BERLIN — It took an invasion of a sovereign country nearby, threats of nuclear attack, images of civilians facing off against Russian tanks and a spate of shaming from allies for Germany to shake its decades-long faith in a military-averse foreign policy that was born of the crimes of the Third Reich.
But once Chancellor Olaf Scholz decided to act, the country’s about-face was swift.
“Feb. 24, 2022, marks a historic turning point in the history of our continent,” Mr. Scholz said in an address to a special session of Parliament on Sunday, citing the date when President Vladimir V. Putin ordered Russian forces to launch an unprovoked attack on Ukraine.
He announced that Germany would increase its military spending to more than 2 percent of the country’s economic output, beginning immediately with a one-off 100 billion euros, or $113 billion, to invest in the country’s woefully underequipped armed forces. He added that Germany would speed up construction of two terminals for receiving liquefied natural gas, or LNG, part of efforts to ease the country’s reliance on Russian energy.
“At the heart of the matter is the question of whether power can break the law,” Mr. Scholz said. “Whether we allow Putin to turn back the hands of time to the days of the great powers of the 19th century. Or whether we find it within ourselves to set limits on a warmonger like Putin.”
The events of the past week have shocked countries with typically pacifist miens, as well as those more closely aligned with Russia. Both have found the invasion impossible to watch quietly. Viktor Orban, the pro-Russia, anti-immigrant prime minister of Hungary, who denounced sanctions against Russia just weeks ago, reversed his position this weekend. And Japan, which was hesitant to impose sanctions on Russia in 2014, strongly condemned last week’s invasion.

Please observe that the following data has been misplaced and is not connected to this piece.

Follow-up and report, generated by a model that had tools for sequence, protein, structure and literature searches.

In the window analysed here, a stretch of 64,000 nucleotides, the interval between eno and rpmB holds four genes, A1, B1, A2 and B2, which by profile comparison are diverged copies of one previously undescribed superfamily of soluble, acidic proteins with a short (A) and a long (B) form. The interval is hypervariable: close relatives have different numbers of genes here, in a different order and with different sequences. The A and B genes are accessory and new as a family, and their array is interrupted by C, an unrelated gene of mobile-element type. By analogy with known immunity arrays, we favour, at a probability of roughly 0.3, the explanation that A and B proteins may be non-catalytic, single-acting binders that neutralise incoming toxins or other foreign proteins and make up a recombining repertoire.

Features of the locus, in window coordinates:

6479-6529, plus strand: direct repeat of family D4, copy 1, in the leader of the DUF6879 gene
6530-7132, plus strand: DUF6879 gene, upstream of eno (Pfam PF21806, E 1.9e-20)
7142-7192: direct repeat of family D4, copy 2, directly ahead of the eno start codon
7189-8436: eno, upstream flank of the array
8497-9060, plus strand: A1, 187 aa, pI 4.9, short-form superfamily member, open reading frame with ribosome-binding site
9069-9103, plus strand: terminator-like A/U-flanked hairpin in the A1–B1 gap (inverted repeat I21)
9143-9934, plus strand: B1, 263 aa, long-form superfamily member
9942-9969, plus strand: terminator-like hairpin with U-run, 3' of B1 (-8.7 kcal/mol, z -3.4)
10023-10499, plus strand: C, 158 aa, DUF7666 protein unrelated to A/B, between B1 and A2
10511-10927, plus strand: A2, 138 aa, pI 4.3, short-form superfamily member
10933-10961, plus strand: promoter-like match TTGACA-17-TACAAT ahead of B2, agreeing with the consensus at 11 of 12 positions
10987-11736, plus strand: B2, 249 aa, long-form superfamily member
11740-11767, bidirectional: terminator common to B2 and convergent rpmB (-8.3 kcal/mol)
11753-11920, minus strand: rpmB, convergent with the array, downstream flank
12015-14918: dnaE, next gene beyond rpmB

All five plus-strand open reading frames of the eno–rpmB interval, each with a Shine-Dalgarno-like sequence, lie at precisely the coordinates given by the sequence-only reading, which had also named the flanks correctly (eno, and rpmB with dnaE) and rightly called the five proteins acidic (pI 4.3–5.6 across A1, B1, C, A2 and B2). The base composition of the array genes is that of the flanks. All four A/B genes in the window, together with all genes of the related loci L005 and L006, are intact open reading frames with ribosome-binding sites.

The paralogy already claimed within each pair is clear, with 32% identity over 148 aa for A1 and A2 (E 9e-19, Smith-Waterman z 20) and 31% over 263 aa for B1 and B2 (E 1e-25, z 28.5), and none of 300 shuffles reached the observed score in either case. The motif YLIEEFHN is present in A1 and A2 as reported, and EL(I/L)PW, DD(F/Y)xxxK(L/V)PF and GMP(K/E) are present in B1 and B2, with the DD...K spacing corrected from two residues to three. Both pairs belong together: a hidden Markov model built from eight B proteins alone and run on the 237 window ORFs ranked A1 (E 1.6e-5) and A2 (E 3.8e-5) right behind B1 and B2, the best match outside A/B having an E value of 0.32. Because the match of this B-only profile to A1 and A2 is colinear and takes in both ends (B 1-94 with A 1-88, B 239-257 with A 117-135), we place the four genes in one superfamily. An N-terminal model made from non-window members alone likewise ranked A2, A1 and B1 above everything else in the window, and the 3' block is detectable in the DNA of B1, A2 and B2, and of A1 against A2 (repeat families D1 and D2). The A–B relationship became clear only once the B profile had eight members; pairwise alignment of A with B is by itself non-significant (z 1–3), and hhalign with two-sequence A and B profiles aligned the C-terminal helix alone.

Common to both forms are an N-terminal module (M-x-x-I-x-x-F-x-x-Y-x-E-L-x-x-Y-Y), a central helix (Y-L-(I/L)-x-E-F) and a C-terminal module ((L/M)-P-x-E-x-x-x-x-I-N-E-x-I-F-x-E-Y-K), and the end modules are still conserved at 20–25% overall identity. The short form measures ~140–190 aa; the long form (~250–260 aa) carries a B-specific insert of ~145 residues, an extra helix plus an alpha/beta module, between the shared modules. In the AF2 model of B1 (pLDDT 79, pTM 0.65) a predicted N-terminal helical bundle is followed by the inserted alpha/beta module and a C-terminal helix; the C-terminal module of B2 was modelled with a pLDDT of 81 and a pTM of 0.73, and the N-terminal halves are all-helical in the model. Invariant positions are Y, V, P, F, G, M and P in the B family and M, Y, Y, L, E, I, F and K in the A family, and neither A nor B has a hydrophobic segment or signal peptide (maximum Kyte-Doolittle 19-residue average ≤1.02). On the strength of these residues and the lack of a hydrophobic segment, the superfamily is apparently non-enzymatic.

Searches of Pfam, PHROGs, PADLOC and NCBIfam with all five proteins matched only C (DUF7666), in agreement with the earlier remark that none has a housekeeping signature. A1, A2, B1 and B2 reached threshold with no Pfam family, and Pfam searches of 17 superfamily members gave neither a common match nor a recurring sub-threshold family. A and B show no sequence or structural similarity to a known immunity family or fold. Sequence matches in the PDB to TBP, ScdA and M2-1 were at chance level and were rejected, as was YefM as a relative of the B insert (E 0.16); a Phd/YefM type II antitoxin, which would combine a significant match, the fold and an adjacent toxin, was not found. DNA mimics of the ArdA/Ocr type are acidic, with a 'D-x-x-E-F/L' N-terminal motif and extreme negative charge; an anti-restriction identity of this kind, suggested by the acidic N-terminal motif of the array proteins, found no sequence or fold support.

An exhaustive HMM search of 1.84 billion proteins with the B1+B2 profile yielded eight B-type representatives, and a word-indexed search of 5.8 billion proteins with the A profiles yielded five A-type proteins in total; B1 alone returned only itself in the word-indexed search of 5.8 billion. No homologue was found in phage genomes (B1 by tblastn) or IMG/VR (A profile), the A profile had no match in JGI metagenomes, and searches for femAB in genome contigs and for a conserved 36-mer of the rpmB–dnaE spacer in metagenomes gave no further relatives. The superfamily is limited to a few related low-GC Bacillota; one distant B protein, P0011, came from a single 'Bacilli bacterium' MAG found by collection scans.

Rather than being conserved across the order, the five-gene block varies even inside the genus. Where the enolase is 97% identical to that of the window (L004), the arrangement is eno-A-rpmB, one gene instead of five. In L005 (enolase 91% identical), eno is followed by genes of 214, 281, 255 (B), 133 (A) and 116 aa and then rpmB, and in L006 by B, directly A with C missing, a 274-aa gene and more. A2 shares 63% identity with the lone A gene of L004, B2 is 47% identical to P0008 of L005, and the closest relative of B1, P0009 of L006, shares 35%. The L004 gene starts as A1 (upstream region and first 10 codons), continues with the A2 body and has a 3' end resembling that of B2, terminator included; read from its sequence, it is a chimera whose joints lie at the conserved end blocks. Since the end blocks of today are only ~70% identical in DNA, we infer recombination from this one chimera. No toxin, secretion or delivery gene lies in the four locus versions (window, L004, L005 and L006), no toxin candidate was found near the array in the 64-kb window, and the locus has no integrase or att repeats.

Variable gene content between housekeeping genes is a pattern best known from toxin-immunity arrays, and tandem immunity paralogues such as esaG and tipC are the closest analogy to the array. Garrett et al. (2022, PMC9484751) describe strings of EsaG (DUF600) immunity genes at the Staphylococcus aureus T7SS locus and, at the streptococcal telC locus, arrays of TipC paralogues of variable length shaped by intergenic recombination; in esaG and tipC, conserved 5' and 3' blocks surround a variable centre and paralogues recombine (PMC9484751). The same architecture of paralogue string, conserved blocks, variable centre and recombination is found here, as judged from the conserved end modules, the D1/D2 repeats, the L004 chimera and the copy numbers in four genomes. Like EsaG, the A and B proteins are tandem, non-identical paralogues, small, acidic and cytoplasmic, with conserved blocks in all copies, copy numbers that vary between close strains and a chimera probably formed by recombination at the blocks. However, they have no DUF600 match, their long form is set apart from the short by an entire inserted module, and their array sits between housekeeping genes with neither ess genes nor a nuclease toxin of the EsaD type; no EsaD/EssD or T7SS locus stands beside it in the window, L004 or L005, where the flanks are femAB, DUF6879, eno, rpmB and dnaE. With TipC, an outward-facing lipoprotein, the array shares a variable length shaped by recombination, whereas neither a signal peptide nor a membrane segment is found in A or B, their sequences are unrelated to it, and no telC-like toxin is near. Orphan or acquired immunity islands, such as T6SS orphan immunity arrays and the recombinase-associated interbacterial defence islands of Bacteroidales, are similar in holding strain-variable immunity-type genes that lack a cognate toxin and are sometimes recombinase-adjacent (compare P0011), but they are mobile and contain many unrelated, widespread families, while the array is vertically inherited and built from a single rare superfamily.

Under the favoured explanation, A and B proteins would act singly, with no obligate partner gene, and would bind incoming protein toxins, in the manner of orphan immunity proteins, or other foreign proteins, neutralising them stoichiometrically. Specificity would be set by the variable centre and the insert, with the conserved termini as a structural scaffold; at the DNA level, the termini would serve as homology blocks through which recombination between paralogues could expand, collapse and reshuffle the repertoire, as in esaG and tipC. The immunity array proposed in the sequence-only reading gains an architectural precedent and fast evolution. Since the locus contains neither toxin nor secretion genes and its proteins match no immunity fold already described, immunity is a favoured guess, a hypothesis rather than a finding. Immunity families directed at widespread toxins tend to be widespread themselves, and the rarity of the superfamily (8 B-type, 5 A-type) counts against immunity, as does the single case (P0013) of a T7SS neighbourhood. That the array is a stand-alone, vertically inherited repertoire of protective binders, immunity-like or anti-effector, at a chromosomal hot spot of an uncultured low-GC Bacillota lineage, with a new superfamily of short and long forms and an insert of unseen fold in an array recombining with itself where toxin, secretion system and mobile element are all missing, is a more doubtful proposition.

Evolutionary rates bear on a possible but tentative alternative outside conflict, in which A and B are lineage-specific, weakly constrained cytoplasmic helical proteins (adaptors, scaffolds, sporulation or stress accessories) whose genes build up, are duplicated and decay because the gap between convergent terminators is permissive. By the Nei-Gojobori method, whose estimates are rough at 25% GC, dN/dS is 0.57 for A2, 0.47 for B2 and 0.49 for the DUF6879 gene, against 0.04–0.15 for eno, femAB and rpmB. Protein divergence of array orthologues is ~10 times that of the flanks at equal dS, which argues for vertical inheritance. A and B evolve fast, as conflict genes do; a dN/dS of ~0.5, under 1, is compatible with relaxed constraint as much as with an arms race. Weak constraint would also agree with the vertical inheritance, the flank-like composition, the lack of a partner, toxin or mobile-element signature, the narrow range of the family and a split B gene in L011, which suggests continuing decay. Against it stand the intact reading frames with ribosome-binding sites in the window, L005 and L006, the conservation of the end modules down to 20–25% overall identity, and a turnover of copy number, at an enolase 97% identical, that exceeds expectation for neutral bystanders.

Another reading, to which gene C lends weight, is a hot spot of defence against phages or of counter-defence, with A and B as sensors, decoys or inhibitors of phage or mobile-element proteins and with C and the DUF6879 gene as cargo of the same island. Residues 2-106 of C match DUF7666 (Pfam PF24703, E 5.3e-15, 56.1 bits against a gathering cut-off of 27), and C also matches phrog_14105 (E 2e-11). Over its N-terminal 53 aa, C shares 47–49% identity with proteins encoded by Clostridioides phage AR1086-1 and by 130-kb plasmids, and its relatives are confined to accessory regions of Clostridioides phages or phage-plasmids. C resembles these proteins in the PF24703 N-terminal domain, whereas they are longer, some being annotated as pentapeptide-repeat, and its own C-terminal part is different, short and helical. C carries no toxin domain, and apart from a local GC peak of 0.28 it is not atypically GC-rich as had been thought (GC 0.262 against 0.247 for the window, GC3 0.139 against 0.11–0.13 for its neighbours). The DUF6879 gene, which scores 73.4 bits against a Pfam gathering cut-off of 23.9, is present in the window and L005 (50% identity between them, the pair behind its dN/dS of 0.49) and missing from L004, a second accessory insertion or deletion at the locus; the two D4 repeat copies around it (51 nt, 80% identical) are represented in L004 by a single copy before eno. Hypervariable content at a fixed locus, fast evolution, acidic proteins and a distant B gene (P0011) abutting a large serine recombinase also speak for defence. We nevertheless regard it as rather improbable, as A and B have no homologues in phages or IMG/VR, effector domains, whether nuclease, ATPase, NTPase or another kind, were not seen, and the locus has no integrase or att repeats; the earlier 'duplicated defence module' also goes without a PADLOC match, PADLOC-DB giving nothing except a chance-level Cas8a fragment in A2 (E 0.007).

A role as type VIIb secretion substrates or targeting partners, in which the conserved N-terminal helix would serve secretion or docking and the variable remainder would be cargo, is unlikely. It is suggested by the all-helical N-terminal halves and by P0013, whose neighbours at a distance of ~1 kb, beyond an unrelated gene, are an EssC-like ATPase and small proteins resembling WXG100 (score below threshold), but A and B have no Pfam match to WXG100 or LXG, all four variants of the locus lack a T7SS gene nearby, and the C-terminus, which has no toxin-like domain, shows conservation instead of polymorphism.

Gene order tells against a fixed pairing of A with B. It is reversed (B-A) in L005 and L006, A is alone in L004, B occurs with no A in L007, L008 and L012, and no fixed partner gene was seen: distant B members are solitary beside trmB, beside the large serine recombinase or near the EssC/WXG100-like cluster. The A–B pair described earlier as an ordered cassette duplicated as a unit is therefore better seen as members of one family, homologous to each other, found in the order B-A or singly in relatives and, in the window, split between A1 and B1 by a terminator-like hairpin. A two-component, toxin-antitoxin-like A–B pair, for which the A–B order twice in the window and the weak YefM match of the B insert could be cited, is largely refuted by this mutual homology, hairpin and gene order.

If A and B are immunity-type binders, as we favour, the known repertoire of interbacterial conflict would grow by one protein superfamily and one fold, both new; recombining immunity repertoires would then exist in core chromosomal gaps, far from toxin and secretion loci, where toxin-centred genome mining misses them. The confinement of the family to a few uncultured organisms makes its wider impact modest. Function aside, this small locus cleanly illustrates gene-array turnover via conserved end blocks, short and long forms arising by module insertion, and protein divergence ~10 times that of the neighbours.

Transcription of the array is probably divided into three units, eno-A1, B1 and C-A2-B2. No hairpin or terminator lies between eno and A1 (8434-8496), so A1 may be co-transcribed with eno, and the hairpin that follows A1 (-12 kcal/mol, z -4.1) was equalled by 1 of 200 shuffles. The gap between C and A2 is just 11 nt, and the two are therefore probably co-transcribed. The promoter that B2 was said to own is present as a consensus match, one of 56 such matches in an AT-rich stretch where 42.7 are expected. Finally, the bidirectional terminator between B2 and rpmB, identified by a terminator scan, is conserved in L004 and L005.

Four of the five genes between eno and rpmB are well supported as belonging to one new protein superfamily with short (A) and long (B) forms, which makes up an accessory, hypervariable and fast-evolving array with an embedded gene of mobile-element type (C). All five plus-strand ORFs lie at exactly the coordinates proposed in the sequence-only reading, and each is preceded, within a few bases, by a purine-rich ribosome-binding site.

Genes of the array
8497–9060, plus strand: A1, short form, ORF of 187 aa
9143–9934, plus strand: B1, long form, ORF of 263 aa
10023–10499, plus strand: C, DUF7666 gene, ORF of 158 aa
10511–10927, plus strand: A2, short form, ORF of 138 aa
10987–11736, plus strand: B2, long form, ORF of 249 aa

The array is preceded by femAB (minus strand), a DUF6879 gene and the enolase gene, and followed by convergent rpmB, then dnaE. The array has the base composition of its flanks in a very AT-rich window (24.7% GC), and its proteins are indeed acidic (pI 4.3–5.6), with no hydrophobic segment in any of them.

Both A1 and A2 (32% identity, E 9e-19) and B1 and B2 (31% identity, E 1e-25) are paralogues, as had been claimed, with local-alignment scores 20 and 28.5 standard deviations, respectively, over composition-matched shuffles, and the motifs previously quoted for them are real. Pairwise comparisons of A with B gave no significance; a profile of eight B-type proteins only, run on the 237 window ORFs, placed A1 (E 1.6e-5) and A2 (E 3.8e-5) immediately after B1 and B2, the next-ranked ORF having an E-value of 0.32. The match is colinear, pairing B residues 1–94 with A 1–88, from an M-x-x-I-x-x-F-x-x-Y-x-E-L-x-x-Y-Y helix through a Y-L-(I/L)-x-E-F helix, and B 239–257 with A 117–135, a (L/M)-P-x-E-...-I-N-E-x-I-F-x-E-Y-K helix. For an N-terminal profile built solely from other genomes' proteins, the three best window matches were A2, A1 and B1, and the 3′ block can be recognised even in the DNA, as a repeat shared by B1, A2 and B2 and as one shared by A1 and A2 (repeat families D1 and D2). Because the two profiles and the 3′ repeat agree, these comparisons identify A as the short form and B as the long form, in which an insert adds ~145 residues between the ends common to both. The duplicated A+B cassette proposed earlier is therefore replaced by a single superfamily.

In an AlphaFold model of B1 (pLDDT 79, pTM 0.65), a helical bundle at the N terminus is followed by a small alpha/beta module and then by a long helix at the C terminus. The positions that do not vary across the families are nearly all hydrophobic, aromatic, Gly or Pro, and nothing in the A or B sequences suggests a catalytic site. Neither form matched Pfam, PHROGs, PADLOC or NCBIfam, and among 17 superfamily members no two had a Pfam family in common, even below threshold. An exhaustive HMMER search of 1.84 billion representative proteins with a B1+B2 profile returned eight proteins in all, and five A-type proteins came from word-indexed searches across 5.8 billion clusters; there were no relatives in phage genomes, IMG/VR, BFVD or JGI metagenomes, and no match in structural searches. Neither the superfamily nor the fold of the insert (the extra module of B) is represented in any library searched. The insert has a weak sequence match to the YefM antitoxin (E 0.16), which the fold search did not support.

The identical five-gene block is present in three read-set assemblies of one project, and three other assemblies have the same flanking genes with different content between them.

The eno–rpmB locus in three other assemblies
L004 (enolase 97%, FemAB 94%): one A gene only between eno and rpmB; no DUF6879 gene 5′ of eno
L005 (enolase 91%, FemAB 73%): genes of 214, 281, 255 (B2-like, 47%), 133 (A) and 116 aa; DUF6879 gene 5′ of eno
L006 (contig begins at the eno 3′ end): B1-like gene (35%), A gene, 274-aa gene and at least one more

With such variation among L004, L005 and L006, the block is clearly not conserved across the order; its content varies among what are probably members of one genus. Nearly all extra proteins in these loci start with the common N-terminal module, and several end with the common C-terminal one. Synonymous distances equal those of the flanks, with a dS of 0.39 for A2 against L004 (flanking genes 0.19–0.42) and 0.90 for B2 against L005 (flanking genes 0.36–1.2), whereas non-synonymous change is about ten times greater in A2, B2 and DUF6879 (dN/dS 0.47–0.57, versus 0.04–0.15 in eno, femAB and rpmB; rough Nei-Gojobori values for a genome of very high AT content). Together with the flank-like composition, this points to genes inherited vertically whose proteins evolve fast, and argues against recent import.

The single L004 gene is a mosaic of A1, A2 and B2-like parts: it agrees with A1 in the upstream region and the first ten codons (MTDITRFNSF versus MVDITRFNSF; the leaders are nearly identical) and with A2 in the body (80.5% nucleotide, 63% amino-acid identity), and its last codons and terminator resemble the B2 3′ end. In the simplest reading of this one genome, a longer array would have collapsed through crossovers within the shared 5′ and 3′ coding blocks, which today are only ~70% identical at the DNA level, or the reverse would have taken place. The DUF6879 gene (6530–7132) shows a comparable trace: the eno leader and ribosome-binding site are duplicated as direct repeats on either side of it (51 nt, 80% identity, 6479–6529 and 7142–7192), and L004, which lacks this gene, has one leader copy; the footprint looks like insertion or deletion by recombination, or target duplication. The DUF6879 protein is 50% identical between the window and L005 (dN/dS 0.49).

In Germany, the chancellor’s speech capped a week that saw the country abandon more than 30 years of trying to balance its Western alliances with strong economic ties to Russia. Starting with the decision on Tuesday to scrap an $11 billion natural gas pipeline, the German government’s steps since, driven by the horror of Mr. Putin’s attack on the citizens of a democratic, sovereign European country, mark a fundamental shift in not only the country’s foreign and defense policies, but its relationship with Russia.
“He just repositioned Germany strategically,” Daniela Schwarzer, executive director for Europe and Eurasia at the Open Society Foundations, said about Mr. Scholz’s address.
Germany, and especially the center-left Social Democratic Party of Mr. Scholz, has long favored an inclusive approach toward Russia, arguing about the danger of shutting Moscow out of Europe. But the images of Ukrainians fleeing the invasion dragged up older Germans’ memories of fleeing from the advancing Red Army during World War II, and triggered outrage among a younger generation weaned on the promise of a peaceful,…
Read More: In Foreign Policy U-turn, Germany Ups Military Spending, Arms Ukraine